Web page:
A US chip start-up has a cunning plan to speed up your smartphone with a 16 core chip that sides alongside your CPU.
Adapteva has come out with the multicore Epiphany processor, which is designed to speed up software in servers and low-power devices such as smartphones and tablets.
According to the company the chip is scalable to thousands of cores on a single chip. It can be placed alongside CPUs to provide real-time execution of different applications.
Adapteva CEO Andreas Olofsson said that Epiphany chips are currently scalable up to 64 cores in smartphones and up to 4,000 cores in servers.
According to Computerworld the processor is based on an RISC design, has floating point capabilities and is designed to be power efficient.
The company claims that a chip running at 1GHz with 16 cores can consume less than 1 watt.
What Adapteva thinks the chip can be used for is to speed up tasks like hand gesture recognition, face matching or face tracking.
Currently smartphones are limited by the processing power of the low-powered chips.
Already there is talk of using GPUs to do something similar, but Adapteva said that its idea works better because you can run C programs too,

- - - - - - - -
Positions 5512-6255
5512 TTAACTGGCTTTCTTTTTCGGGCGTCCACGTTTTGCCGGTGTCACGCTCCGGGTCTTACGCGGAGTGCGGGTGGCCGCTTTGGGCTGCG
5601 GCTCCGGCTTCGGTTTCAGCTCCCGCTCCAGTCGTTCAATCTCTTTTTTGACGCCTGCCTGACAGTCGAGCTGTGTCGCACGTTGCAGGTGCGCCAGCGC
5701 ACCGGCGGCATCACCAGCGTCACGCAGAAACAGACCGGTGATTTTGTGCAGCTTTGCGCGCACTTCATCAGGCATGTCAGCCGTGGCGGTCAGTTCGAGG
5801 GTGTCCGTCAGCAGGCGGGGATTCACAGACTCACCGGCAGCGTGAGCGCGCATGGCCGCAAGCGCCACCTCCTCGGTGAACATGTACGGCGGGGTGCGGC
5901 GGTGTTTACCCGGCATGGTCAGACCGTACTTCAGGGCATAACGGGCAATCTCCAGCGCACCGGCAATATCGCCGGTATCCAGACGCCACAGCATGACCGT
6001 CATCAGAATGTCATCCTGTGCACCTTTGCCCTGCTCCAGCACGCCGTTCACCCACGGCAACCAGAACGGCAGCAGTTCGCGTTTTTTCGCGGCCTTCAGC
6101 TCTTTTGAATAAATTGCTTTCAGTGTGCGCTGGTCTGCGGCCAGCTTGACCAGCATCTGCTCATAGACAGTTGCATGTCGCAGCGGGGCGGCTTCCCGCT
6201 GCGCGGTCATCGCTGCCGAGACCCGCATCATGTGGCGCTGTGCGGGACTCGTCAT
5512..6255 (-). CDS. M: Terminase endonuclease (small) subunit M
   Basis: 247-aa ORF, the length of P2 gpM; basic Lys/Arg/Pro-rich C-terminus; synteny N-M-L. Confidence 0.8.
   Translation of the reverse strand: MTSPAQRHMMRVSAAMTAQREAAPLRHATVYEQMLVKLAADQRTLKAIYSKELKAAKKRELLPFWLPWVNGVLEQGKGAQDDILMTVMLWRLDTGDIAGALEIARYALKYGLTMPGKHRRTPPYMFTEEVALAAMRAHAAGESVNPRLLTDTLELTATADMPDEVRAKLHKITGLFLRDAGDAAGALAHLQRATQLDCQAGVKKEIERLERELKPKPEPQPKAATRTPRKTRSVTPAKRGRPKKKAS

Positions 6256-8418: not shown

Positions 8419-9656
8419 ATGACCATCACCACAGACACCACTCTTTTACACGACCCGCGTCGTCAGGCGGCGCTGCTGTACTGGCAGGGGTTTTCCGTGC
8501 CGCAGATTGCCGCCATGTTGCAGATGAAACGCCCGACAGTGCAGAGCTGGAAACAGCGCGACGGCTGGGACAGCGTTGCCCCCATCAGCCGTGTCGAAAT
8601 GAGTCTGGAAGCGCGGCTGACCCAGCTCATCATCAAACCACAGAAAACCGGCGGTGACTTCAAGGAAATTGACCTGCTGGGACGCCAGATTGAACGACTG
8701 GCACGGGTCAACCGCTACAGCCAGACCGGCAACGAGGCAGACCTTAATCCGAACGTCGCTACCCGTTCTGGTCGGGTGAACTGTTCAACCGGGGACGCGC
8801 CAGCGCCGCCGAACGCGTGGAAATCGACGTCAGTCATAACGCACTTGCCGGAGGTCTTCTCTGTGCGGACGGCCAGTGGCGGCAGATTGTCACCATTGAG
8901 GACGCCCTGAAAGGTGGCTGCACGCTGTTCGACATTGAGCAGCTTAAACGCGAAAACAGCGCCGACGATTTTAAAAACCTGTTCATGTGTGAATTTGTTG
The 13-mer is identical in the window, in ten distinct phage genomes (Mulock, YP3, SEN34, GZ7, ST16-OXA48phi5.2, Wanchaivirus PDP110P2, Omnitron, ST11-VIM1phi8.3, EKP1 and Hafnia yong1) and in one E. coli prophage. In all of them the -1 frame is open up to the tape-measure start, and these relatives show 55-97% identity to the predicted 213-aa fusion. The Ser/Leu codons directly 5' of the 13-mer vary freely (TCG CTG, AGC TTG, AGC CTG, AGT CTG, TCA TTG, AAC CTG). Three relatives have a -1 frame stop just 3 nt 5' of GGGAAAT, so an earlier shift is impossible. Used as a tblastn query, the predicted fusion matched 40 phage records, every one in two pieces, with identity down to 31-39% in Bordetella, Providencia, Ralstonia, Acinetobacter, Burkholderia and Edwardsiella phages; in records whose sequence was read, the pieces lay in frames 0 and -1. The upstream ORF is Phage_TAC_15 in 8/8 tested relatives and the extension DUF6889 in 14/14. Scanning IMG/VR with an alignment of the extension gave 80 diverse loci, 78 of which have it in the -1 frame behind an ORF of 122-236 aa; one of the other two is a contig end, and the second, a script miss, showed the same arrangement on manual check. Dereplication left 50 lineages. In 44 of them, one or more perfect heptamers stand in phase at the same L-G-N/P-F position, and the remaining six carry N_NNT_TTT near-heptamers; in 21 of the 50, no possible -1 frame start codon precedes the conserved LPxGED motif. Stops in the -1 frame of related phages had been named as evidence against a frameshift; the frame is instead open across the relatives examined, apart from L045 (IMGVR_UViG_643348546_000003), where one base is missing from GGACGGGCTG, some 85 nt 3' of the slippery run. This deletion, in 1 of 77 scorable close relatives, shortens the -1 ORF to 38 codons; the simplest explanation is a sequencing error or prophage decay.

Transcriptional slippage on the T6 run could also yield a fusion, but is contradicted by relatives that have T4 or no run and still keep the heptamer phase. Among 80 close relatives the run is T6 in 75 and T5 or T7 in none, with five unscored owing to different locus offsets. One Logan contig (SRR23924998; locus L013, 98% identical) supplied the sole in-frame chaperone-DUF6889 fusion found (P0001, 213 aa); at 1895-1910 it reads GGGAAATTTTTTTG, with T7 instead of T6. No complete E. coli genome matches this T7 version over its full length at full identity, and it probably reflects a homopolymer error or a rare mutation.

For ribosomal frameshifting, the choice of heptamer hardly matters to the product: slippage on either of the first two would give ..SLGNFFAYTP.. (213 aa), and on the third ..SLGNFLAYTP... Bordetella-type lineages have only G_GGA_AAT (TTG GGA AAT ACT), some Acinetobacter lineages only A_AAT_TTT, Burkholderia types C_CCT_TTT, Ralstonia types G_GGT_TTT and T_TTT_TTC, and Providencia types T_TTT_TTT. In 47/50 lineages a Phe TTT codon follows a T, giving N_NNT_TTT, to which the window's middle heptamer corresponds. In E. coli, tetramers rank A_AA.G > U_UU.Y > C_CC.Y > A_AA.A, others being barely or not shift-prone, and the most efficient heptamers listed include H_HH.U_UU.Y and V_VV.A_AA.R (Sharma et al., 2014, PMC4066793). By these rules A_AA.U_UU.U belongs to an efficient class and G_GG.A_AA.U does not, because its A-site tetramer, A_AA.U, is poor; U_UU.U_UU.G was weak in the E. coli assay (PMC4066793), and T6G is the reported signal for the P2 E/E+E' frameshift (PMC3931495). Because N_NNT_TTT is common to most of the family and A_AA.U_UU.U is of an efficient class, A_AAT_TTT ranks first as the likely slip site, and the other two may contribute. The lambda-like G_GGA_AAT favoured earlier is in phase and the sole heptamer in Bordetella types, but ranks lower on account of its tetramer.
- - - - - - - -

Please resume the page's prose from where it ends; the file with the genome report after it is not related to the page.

Olofsson pointed out that some GPUs rely on proprietary binary libraries from vendors.
Adapteva's Epiphany processors, use standard ANSI-C applications and are "out of the box". The outfit can provide libraries to help programmers, it says.
The chip lacks a memory management unit and is not designed to be a fully functional CPU. It also cannout run programs with millions of lines of code.
But sitting alongside a CPU it is still useful.
The Epiphany processor is designed for the 65-nanometer manufacturing process, but the company hopes to jump to the 28-nm manufacturing process soon. Olofsson said that a 1GHz chip made using the 28-nm process with 16 cores will consume 0.25 watts of power.